Wall Street's best week in 18-months was marked by a strong rally led by technology companies. This gain ended a seven-week losing streak in the market, which was the longest since 2001.
The S&P 500 gained 2.5% and ended the week 6.6% higher, marking its highest weekly gain since November 2020. The Dow Jones Industrial Average rose 1.8%, while the tech-heavy Nasdaq gained 3%.
Investors received encouraging news regarding inflation, which led to a strong week. According to the Commerce Department, inflation increased 6.3% in April compared to a year ago. This is the first slowdown since November 2020. It's a sign that rising prices might be easing, at least temporarily.
Wall Street was looking for signs that inflation might be easing and trying to determine how low stocks could sink, so the report was published.
Ross Mayfield, Baird's investment strategy analyst, stated that "at this point it's all the marketplace needs." It's certainly one of the signs you would like to see.
S&P 500 closed 100.40 points higher at 5,158.24. The Nasdaq gained 390.48 points, to 12,131.13. This was the third consecutive gain for both indexes. The Dow gained 575.77 points, or 6.96 percent, to 33,212.96.
Stocks of smaller companies also saw a slight increase in value. The Russell 2000 gained 49.66 points or 2.7% to 1,887.90.
As concerns over inflation and rising interest rates mount, the market overall has been in a slump since almost two months. Investors were rattled last week by disappointing retail reports, including those from Target and Walmart, that stoked concerns about rising inflation and impacting profit margins, and reducing consumer spending.
Although trading was slow throughout the week due to the release of encouraging earnings reports by retailers such as Macy's, Dollar General, and financial updates, the market pushed higher most of the week.
Retailers were among those who gained the most Friday, as investors reviewed the latest earnings report to gain a better understanding of the impact rising inflation has on consumers and businesses. Ulta Beauty, a beauty products company, saw a 12.5% increase after it raised its profit forecast for this year. Amazon rose 3.7%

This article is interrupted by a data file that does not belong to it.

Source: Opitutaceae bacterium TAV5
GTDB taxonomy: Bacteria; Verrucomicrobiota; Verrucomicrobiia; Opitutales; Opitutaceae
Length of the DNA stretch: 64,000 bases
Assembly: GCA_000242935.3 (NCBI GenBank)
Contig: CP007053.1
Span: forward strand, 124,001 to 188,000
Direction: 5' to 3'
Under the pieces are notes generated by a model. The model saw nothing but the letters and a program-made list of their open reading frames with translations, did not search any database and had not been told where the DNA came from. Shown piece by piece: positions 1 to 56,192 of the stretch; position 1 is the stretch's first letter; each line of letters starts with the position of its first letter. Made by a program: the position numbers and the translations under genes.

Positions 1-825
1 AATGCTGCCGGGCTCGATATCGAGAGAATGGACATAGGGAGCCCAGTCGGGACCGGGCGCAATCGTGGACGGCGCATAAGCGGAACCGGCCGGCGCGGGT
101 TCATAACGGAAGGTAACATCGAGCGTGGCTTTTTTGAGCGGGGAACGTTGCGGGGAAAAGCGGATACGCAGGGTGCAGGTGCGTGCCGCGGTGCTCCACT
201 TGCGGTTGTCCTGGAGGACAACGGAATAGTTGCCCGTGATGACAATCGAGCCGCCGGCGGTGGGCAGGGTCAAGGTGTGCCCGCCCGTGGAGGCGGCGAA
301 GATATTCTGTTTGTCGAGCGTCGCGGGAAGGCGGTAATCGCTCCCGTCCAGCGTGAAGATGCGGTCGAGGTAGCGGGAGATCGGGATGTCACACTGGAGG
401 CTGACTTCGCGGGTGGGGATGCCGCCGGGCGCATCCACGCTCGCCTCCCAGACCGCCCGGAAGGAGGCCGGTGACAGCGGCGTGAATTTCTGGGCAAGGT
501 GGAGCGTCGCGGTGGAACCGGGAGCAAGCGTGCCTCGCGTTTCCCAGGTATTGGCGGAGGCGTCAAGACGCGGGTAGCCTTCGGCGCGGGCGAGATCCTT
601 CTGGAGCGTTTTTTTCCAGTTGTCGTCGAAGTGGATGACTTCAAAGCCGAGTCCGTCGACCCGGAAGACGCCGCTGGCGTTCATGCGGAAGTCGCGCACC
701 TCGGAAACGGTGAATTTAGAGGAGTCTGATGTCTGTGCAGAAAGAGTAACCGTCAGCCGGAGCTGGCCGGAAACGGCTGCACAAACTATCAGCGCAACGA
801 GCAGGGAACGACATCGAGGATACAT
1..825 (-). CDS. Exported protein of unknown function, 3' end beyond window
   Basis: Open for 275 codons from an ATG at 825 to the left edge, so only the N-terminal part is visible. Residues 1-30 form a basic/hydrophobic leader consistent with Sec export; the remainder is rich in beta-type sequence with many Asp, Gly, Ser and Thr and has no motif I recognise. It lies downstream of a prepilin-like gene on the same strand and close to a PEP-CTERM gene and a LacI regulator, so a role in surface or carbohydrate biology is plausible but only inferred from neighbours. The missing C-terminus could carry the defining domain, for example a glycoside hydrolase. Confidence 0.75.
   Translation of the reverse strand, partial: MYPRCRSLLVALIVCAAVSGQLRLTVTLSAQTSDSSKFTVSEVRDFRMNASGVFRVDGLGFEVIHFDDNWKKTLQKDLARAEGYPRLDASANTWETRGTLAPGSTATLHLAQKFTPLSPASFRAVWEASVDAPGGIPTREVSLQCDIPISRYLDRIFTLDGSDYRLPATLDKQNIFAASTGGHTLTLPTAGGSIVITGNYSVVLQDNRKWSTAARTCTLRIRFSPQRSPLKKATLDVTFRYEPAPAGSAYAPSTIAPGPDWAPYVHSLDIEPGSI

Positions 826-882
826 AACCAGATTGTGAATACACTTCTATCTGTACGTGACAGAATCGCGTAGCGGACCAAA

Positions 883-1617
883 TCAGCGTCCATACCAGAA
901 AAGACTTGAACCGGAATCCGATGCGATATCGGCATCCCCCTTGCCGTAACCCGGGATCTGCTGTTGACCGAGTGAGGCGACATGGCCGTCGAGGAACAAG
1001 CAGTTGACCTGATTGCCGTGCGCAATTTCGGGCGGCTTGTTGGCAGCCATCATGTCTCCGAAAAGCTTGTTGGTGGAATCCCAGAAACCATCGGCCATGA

Many companies were affected by disappointing earnings and financial information. American Eagle, a clothing retailer, fell 6.6% following weak earnings in the first quarter.
Businesses are being squeezed by inflation, which is at its highest point in four decades. Inflation has risen to a point where companies raised prices on everything, from food and clothing, to protect their margins. However, consumers have remained resilient. The inflation picture was worsened by Russia's invasion in Ukraine, which pushed global food and energy prices higher.
Although crude oil prices in the United States were fairly stable, they are expected to rise by nearly 60% by 2022. This year, corn and wheat prices have increased by 30% and 50% respectively.
Inflation is causing supply chain problems that were made worse by China's closure of several cities.
Businesses have found it more difficult to offset inflation and this is causing consumers to spend less on expensive goods and more on necessities. This has raised concerns about the Federal Reserve's ability to limit the inflation impact.
Investors are concerned that the Fed will raise interest rates aggressively to combat inflation. However, investors fear that this could cause a recession.
The 10-year Treasury yield, which is used to set mortgage rates, fell to 2.74% late Thursday from 2.75%.